The Santa Barbara City Council discussion on Tuesday of the state of its recycling efforts bore a striking similarity to a water polo game: All the real action took place out of sight. On the surface, the council deliberations resembled a typical staff presentation detailing goals achieved and progress yet to be made. To that end, the City of Santa Barbara can lay claim to diverting-recycling-a full 67 percent of materials from the Tajiguas landfill. By the standard of state law-which mandates 50 percent diversion-that’s a screaming success.
But lurking just beneath the surface was the extreme impatience and vexation of several councilmembers over lack of progress on what they regard as basic recycling efforts that should be taking place within city limits. Chief among these is the absence of a mandatory commercial recycling program or a requirement that the city’s two franchised trash haulers-BFI and MarBorg-provide recycling services to Santa Barbara’s apartment dwellers. Likewise behind schedule is a pilot program to recycle and compost food scraps. (BFI executive Thor Schmidt said he was excited to begin that program with Cottage Health System in the months ahead.)
Perhaps most agitating of all was the three years it took city public works officials to force BFI to comply with what the officials say were the terms of its contract and offer its customers one free green-waste recycling bin. Only last Friday, said city solid waste czar Steve Mack, did BFI agree to credit roughly $190,000 to the accounts of 907 customers overbilled for green cans they should have gotten free. In addition, BFI agreed to pay the city $100,000 for staff time related to the green can investigation. Those credits, he said, should be finalized as of April 13. Negotiations between City Hall and BFI proved protracted and grueling, requiring no fewer than three separate service audits.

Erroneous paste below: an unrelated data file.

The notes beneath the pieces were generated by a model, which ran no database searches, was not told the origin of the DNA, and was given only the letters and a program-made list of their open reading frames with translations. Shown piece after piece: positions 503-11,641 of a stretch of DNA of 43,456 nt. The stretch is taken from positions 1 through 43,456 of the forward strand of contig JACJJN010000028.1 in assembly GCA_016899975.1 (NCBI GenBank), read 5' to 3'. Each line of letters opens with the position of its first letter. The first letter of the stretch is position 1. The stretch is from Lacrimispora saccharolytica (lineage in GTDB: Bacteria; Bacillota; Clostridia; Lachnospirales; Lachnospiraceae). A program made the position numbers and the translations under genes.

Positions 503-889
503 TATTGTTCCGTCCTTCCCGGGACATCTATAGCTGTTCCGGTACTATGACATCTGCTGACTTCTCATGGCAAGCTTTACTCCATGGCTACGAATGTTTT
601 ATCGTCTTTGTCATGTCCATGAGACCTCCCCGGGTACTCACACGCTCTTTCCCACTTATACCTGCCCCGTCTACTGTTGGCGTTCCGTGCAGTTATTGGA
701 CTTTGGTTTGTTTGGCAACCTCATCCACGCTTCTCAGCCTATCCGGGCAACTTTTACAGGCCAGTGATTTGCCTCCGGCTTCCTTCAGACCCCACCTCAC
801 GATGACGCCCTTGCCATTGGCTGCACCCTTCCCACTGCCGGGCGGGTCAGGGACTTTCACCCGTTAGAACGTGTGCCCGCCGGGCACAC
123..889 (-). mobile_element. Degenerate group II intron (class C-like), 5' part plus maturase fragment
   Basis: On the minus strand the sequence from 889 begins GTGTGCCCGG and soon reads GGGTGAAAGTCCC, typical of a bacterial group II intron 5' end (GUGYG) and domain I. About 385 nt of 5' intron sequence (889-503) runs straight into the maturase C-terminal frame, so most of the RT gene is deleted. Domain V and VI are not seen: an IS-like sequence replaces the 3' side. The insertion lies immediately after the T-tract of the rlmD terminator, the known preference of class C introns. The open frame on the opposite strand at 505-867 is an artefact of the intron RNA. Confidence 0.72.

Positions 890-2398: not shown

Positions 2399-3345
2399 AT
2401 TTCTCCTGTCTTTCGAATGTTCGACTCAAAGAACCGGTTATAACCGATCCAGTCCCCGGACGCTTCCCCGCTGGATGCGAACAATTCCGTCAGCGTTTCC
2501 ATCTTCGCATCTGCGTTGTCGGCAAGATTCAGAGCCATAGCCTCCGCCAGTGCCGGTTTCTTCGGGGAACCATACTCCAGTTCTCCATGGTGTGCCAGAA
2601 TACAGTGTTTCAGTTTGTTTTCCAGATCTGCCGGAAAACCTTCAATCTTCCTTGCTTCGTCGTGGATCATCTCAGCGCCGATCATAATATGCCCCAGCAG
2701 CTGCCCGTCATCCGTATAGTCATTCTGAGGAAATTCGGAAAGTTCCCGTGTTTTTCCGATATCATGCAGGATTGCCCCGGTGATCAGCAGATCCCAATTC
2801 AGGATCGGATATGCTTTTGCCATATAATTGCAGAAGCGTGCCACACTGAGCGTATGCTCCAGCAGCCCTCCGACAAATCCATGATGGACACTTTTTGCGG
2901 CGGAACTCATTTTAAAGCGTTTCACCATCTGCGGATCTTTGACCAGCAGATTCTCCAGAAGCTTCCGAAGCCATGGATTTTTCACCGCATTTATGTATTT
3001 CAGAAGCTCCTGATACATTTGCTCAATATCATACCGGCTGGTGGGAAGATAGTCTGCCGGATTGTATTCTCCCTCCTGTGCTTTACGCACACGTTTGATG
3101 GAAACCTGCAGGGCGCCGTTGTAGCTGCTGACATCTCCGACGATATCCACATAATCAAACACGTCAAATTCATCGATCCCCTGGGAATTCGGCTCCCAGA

The problem was brought to light more than three years ago by BFI’s archrival, MarBorg Industries, when MarBorg started serving half the city. But even after the problem was exposed, City Hall proved slow to act, much to the exasperation of councilmembers like Brian Barnwell. Twenty-four hours before Tuesday’s meeting, Barnwell was threatening to find BFI in breach of its contract over the green-waste bin debacle. But during Tuesday’s meeting, Barnwell proved more tempered. Even so, he blamed the distraction caused by the green-waste bins for the city’s failure to meet its own goals and timelines in passing ordinances requiring commercial recycling and construction and demolition materials recycling. That delay, he charged, resulted in Santa Barbara sending to the Tajiguas landfill enough recyclable material to fill City Hall three times.
While not so vivid, Councilmember Das Williams also suggested that the city’s diversion numbers were not so impressive, noting that 15 percent of what the city now attempts to recycle is rejected and shipped to the landfill. He also was concerned that 70 percent of the city’s success in recycling depended on MarBorg’s ambitious program to process construction and demolition materials. While MarBorg’s Mario Borgatello was on hand to tell the City Council to pat itself on the back for helping him build-and finance-his giant recycling facility, he also warned the council of bills in the State Legislature that would, for example, require cities to divert 75 percent of their materials.
Others, like Councilmember Grant House, seemed less focused on behind-the-scenes machinations. House said he wished someone could help businesses that handle large quantities of Styrofoam. Help, he was told, was not on the way. But help may come in the not-too-distant future for people looking to dispose of clothes so old and ratty that secondhand stores won’t accept them. And within the month, the City Council will hear what its options are for banning or restricting plastic bags and certain forms of Styrofoam.